Yahoo Japan Corp.
and chat app
said Monday they have reached a basic agreement to merge in a deal that includes a $3.1 billion buyout of Line Corp.’s minority shareholders.
Under the merger terms, a
SoftBank Group Corp.
subsidiary and Line parent
of South Korea will each hold 50% of a joint-venture company that in turn will control a holding company housing the operations of Yahoo Japan and Line. Media, including The Wall Street Journal, reported last week that the 50-50 arrangement was being studied.
The companies said they aimed to leverage each other’s large user bases to expand their online businesses, which include shopping and payment services as well as advertising-supported content. Line is the dominant chat app in Japan and says it has 82 million active monthly users.
The parties to the deal said they hoped to reach a final agreement next month. They said it would require various clearances from authorities.
As part of the deal, SoftBank Group subsidiary SoftBank Corp. and Naver said they would buy all the shares in Line not already owned by Naver at ¥5,200 ($47.78) a share. Naver owns 72.6% of Line as of Monday. SoftBank Corp. and Naver will pay ¥170 billion ($1.56 billion) each to buy those Line shares, SoftBank said.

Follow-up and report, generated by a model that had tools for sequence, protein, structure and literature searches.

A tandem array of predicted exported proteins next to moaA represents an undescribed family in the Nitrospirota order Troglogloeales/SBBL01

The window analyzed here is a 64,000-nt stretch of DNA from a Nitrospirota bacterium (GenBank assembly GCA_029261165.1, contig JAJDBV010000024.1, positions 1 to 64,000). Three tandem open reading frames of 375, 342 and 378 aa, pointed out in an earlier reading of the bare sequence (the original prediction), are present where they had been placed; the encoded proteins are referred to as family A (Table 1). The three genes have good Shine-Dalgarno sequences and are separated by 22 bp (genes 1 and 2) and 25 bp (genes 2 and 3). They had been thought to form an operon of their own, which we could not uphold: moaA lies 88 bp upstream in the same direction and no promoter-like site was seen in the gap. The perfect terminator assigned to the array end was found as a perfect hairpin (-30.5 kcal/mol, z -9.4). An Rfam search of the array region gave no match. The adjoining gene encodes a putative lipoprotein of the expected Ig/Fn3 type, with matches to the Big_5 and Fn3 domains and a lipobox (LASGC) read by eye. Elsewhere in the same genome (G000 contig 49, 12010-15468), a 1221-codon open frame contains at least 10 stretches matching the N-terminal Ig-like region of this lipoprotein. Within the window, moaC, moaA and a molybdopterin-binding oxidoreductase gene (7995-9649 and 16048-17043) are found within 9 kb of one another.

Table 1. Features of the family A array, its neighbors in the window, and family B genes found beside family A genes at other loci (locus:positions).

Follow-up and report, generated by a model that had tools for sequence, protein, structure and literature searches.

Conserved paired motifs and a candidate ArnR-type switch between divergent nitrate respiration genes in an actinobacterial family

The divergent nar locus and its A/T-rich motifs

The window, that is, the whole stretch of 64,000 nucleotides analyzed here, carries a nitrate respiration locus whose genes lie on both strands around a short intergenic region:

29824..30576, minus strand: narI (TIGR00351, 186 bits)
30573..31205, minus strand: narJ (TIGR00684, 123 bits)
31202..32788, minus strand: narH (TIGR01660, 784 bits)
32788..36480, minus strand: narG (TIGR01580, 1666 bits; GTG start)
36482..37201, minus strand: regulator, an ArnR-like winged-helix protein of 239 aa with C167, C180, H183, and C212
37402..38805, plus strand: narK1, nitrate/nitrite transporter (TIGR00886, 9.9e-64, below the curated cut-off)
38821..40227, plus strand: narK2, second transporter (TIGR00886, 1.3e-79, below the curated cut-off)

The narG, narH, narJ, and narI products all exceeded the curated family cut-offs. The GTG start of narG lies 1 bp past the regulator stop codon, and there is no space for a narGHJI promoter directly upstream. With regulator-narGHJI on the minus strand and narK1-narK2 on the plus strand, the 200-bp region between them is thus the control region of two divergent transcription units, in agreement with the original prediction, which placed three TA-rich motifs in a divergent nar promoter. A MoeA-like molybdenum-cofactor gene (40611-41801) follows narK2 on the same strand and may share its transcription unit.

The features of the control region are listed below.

They offered a 13.4% premium to Line’s share price before last week’s reports about the merger. In Tokyo trading, Line shares closed Monday up 2.2% at ¥5,150.
The companies said after the merger they would aim to become “one of the world’s leading artificial intelligence technology companies,” applying AI to online marketing, e-commerce and digital payments.
Analysts say the merger could allow Yahoo Japan and Line to compete better against rivals in Japan, including
’s Google for advertising and
for online shopping. However, competing outside Japan is likely to be harder because other companies already have dominant positions in major markets.
Write to Takashi Mochizuki at [email protected]
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